Listen: Anthony Chidiac, author of ‘The Priceless Gift’, chats to Clare Bruce. Above: An illustration by Michael Arvithis from the book.
Sydney wouldn’t be the same without its beloved Sydney Opera House, an icon that’s known and loved by visitors from around the world.
But the remarkable and tumultuous story of how it came to be – and of its brilliant designer, Danish architect Jørn Utzon – has been forgotten by many.
Anthony Chidiac, a high school teacher from Fairfield, learnt about the heartache and triumph behind the international icon, after Utzon died in 2008 —and felt compelled to bring the story back to life for a new generation.
He’s retold the tale in the form of a picture book, titled The Priceless Gift – just published in time to celebrate 100 years since Utzon’s birth. And with gorgeous watercolour illustrations by Michael Arvithis, the story is almost like a fairytale in the telling.
The book begins with an acknowledgment of the original Aboriginal occupants who lived at Bennelong Point before European settlement—and then paints a picture of Utzon’s childhood on the other side of the world: growing up by a harbour in Denmark, the son of a boat builder, watching boats on the water.
“Utzon was inspired by nature,” Anthony told Hope 103.2. “He always had this knack of blending the buildings with the surrounding environment.
“It’s believed he was most likely inspired [for the Opera House design], by the sails of boats that he saw as a child around his home town in Denmark. He was a keen sailor, his father was a boat builder. And he used to sail around Kronborg Castle where Hamlet was staged. The famous castle there was built on a platform, and he used that very same platform (design) for the Opera House.
“If you look at a lot of his designs, he always said, ‘what would fit this environment?’ He studied the waves and tides of Sydney meticulously before he came up with his design.”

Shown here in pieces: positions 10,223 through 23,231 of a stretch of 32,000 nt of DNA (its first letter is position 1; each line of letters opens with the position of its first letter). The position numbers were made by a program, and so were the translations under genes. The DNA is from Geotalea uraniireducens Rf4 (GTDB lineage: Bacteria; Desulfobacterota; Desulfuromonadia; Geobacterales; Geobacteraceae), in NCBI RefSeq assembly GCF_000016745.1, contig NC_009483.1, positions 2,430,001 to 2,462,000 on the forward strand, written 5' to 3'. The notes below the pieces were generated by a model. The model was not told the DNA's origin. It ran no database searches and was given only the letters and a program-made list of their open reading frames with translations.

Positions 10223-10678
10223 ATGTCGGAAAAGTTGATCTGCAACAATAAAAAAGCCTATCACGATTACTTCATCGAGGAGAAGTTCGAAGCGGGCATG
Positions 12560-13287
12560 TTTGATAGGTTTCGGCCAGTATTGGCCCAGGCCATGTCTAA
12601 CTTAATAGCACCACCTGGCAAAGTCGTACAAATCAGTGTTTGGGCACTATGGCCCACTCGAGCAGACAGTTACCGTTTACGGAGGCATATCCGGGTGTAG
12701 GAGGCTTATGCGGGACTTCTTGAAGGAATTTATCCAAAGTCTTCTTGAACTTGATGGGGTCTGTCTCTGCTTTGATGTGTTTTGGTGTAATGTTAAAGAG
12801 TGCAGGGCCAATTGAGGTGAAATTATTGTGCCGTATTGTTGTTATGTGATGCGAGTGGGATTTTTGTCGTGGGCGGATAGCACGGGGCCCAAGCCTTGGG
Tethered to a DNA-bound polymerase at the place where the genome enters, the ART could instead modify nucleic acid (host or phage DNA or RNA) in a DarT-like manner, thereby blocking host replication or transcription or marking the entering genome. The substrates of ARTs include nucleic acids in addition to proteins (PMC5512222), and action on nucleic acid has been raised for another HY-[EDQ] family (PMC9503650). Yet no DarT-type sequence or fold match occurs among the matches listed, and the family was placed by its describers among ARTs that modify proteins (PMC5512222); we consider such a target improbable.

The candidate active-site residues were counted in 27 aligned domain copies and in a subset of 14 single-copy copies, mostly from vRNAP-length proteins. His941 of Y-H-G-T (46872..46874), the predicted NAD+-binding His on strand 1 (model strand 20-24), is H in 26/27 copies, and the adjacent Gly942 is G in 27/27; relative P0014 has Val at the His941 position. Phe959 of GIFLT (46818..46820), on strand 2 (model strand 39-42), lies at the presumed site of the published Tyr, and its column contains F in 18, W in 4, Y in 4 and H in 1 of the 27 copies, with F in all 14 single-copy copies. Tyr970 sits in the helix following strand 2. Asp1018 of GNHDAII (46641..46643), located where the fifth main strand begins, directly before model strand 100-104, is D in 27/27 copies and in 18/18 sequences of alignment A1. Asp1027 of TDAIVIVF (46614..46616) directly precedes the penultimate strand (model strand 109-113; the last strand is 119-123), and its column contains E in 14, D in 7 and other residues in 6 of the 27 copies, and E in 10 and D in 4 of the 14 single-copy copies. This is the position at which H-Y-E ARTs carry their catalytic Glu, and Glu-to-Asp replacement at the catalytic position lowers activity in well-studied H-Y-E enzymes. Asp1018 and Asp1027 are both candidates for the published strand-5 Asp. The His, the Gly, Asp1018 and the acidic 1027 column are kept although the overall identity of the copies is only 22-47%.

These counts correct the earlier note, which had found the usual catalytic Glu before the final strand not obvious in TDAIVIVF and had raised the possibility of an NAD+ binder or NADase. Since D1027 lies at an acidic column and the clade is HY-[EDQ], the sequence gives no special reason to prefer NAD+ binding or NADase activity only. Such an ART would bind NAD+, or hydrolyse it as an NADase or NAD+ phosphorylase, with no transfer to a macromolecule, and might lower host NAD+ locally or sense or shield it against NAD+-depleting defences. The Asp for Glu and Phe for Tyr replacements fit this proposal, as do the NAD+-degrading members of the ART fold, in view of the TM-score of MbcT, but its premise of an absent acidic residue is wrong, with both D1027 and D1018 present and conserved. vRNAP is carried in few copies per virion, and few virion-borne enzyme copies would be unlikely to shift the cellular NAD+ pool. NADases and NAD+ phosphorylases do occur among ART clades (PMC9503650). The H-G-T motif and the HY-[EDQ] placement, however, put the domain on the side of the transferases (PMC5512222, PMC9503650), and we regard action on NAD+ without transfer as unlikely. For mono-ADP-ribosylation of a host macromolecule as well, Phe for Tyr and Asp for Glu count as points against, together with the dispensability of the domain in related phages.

The Competition, and a Change of Government
The call for designs for the Sydney Opera House was conducted by a competition in 1957. Utzon’s remarkable design with its shining white sails was almost overlooked in favour of a plain boxy building, so the story goes, but was rescued at the last minute from a pile of rejects.
Construction began in 1959 but hit a major hurdle in 1966 after a change of government, and a new Minister for Public Works halted funding as costs escalated. Utzon resigned and returned to Denmark, feeling let down. The work was completed with his son overseeing the project, but the interiors didn’t follow Utzon’s original designs.
Due to ill health, Utzon was never able to come back to Sydney to see the completed work.
The struggle between the designer and the government is a theme Anthony captures in his book.
“Utzon wasn’t a politician or a diplomat, he was an artist,” he said. “There’s a clash between artists and politicians. They see the world from totally different angles.
“What cost do we put on beauty and excellence? I know governments always have to deal with budgets and deadlines and it’s an important part of their role. But when you look at this building now, it is bittersweet, because the money that this building now generates for the NSW and Australian economy with tourism, has basically made up for the cost.”
A Spiritual Quality to Utzon’s Designs
Anthony, who has a Catholic faith, references a Bible verse in the opening pages of the book: ‘Every good a perfect gift comes from above’.
He believes divine inspiration was involved at some level in the design of the Sydney Opera House.
“They say that there are three transcendentals: beauty, truth and goodness, and these point us to God,” he said. “God is essentially where we get all our gifts from. And Jørn Utzon, like all of us, had a special gift. The Opera House is like a projecting to the heavens. It’s got that quality of transcendence which makes it such a beautiful building.
“I think he was a person that understood what beauty is and knew that nature essentially comes from God, and that there’s great design there. Deep down I think Utzon was a very spiritual man.”
Near the end of his life, it’s clear that Utzon had made peace with the struggles and hurt surrounding the building of the Sydney icon.
“At the end of his life it’s almost like there was a reconciliation that took place,” Anthony said. “The minister who forced him to leave the Opera House [Davis Hughes] died … and Utzon composed a letter to his widow that expressed his sympathy. He didn’t bear any bitterness. That’s a special quality.”
In 2006 Utzon’s son Jan said at the opening of a new section of the Opera House, that even though his father didn’t get to see the completed building in person, it was still in his heart: “He lives and breathes the Opera House, and as its creator he just has to close his eyes to see it.”
The Priceless Gift is suitable for all reading ages from primary school to adult, and is available through the website, www.thepricelessgift.com.au.